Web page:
LD: I’m not Tyler Perry. I’m not Dino De Laurentis. I think it’s a bit much to put one’s name in front of the film. It makes me uncomfortable. Here’s the thing. Insiders like you know the whole story and about the legal issues, but not the average person. I worry that young kids in Oklahoma or Alabama might end up asking, “Who is this filmmaker to be so full of himself?” That bothers me. The MPAA handed down this edict. So, I don’t know how I feel about it right now. Ask me tomorrow. [Chuckles]
KW: My eyes must have welled up at least a half-dozen times while watching the film. As the director, you must be too close to the film for it to have that sort of emotional effect on you.
LD: No, when I actually sat down all alone to watch the final cut just for pleasure, I broke down in tears.
KW: You did a masterful job of portraying the tensions and differences between the Civil Rights and Black Power Generations.
LD: There was no right and wrong. Cecil [played by Forest Whitaker] was right and so was his son [played by David Oyelowo]. You’ve got a problem when neither is wrong, yet you have a conflict.
KW: I also appreciated the evenhanded way in which you approached each of
the presidents Cecil served under, like how Reagan could give his
African-American help a raise to make their pay equal to that of whites,
while hypocritically still supporting Apartheid in South Africa.
LD: Ain’t that interesting? We don’t make Kennedy out to be a Goody Two-Shoes either.
KW: Editor/Legist Patricia Turnier was wondering whether you’ve seen the TV miniseries Backstairs at the White House?
LD: I did. I think it was a great movie for its time, but I wanted to avoid the episodic feeling of that film.
KW: Patricia also asks: What message do you want the public to take away from The Butler?
LD: I hate that question, Patricia, because it forces me to be philosophical… I think the message is that we have got a long way to go. I hope that this film rips a scab off the sore that is racism in America today.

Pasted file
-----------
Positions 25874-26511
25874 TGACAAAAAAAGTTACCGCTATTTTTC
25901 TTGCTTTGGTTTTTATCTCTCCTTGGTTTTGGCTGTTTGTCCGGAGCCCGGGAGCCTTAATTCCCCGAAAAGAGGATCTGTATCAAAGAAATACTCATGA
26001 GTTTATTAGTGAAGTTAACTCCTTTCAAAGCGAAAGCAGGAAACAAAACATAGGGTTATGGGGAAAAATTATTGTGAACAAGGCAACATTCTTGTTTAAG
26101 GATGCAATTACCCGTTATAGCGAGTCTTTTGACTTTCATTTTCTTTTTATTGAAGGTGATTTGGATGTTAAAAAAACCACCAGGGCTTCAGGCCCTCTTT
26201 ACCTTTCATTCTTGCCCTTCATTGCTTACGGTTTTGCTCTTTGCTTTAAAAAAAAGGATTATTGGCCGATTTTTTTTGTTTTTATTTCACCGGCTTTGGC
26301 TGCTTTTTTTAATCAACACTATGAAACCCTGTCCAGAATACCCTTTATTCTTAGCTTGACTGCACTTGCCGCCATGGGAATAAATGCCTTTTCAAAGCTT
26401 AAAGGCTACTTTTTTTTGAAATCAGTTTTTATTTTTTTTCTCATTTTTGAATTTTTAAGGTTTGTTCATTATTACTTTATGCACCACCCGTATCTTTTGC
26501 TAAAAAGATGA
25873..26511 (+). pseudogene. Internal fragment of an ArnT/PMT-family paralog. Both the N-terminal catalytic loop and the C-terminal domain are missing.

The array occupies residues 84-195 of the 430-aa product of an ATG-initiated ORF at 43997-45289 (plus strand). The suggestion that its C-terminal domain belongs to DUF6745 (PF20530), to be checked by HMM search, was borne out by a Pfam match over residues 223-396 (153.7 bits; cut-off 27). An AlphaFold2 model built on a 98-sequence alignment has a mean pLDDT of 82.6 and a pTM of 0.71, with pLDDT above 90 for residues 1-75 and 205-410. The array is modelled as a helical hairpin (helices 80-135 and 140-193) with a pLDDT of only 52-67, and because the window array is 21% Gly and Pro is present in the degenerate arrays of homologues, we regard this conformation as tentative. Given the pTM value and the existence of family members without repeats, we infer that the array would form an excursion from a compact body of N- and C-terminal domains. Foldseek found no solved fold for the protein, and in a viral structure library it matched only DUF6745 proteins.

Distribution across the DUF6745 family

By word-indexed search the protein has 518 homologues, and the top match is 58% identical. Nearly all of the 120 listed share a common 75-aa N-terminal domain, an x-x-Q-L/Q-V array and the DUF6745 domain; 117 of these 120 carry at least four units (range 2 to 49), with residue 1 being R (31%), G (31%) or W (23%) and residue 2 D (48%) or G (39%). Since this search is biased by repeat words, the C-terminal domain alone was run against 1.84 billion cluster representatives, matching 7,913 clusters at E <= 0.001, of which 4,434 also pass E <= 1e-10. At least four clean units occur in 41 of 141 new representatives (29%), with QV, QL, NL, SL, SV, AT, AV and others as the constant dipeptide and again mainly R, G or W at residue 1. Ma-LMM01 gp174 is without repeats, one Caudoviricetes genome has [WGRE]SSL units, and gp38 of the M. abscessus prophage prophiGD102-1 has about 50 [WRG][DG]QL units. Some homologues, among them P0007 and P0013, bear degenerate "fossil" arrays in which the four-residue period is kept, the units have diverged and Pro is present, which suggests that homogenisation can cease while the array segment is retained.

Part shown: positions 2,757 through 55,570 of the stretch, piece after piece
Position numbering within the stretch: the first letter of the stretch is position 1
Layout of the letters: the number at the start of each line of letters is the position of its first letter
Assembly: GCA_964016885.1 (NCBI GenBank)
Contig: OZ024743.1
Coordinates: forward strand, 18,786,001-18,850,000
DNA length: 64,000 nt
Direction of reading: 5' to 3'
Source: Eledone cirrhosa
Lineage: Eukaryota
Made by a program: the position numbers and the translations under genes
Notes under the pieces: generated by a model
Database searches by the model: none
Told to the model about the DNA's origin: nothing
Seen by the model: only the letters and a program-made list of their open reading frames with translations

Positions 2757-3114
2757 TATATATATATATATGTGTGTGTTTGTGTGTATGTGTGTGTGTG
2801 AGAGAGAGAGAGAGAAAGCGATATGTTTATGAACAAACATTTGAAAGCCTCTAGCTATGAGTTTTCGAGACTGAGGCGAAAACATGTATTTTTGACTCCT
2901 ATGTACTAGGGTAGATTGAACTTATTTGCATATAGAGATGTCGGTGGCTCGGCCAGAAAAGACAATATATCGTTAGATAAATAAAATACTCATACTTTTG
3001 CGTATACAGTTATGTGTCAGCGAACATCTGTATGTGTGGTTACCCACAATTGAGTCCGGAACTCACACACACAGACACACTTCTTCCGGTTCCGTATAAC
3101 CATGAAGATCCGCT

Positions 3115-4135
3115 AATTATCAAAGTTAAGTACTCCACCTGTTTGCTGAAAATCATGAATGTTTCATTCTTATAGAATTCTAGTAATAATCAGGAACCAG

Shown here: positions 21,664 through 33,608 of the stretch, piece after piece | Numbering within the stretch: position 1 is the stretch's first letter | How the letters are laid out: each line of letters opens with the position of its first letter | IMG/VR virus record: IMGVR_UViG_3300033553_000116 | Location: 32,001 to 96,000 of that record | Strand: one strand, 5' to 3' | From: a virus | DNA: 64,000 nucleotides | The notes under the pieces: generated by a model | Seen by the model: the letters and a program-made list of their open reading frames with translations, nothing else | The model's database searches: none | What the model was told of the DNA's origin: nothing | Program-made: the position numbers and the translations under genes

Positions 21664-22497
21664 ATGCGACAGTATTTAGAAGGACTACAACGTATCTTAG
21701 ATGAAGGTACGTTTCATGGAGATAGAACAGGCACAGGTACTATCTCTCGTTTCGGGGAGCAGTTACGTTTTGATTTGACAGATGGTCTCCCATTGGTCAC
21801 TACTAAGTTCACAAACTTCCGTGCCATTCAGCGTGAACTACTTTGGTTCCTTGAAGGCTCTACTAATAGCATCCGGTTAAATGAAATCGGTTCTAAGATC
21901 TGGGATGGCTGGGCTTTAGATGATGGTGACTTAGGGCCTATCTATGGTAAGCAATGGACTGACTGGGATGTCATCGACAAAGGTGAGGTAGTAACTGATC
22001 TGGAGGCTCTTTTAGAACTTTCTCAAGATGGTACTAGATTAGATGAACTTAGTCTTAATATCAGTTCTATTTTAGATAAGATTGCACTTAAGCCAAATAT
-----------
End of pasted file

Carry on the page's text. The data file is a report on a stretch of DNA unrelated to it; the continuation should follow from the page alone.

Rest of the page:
KW: Thanks again for the time, Lee, and best of luck with the film.
LD: Thanks, Kam.
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Butler: A Witness to History
Order Book From Amazon.com
by Wil Haygood
Hardcover: 112 pages
Publisher: 37 Ink (July 30, 2013)
Product Dimensions: 7.6 x 6.1 x 0.7 inches
When acclaimed Washington Post writer Wil Haygood had an early hunch that Obama would win the 2008 election, he thought he’d highlight the singular moment by exploring the life of someone who had come of age when segregation was so widespread, so embedded in the culture as to make the very thought of a black president inconceivable. He struck gold when he tracked down Eugene Allen, a butler who had served no fewer than eight presidents, from Harry Truman to Ronald Reagan. During his thirty-four years of service, Allen became what the Independent described as a “discreet stagehand who for three decades helped keep the show running in the most important political theatre of all.”
While serving tea and supervising buffets, Allen was also a witness to history as decisions about America’s most momentous events were being made. Here he is at the White House while Kennedy contemplates the Cuban missile crisis; here he is again when Kennedy’s widow returns from that fateful day in Dallas. Here he is when Johnson and his cabinet debate Vietnam, and here he is again when Ronald Reagan is finally forced to get tough on apartheid. Perhaps hitting closest to home was the civil rights legislation that was developed, often with passions flaring, right in front of his eyes even as his own community of neighbors, friends, and family were contending with Jim Crow America.
With a foreword by the Academy Award– nominated director Lee Daniels, The Butler also includes an essay, in the vein of James Baldwin’s jewel The Devil Finds Work, that explores the history of black images on celluloid and in Hollywood, and fifty-seven pictures of Eugene Allen, his family, the presidents he served, and the remarkable cast of the movie.
Wil Haygood been described as a cultural historian and is the author of other biographies (King of the Cats: The Life and Times of Adam Clayton Powell and In Black and White: The Life of Sammy Davis , . Haygood has been awarded a 2013-14 National Endowment for the Humanties Fellowship.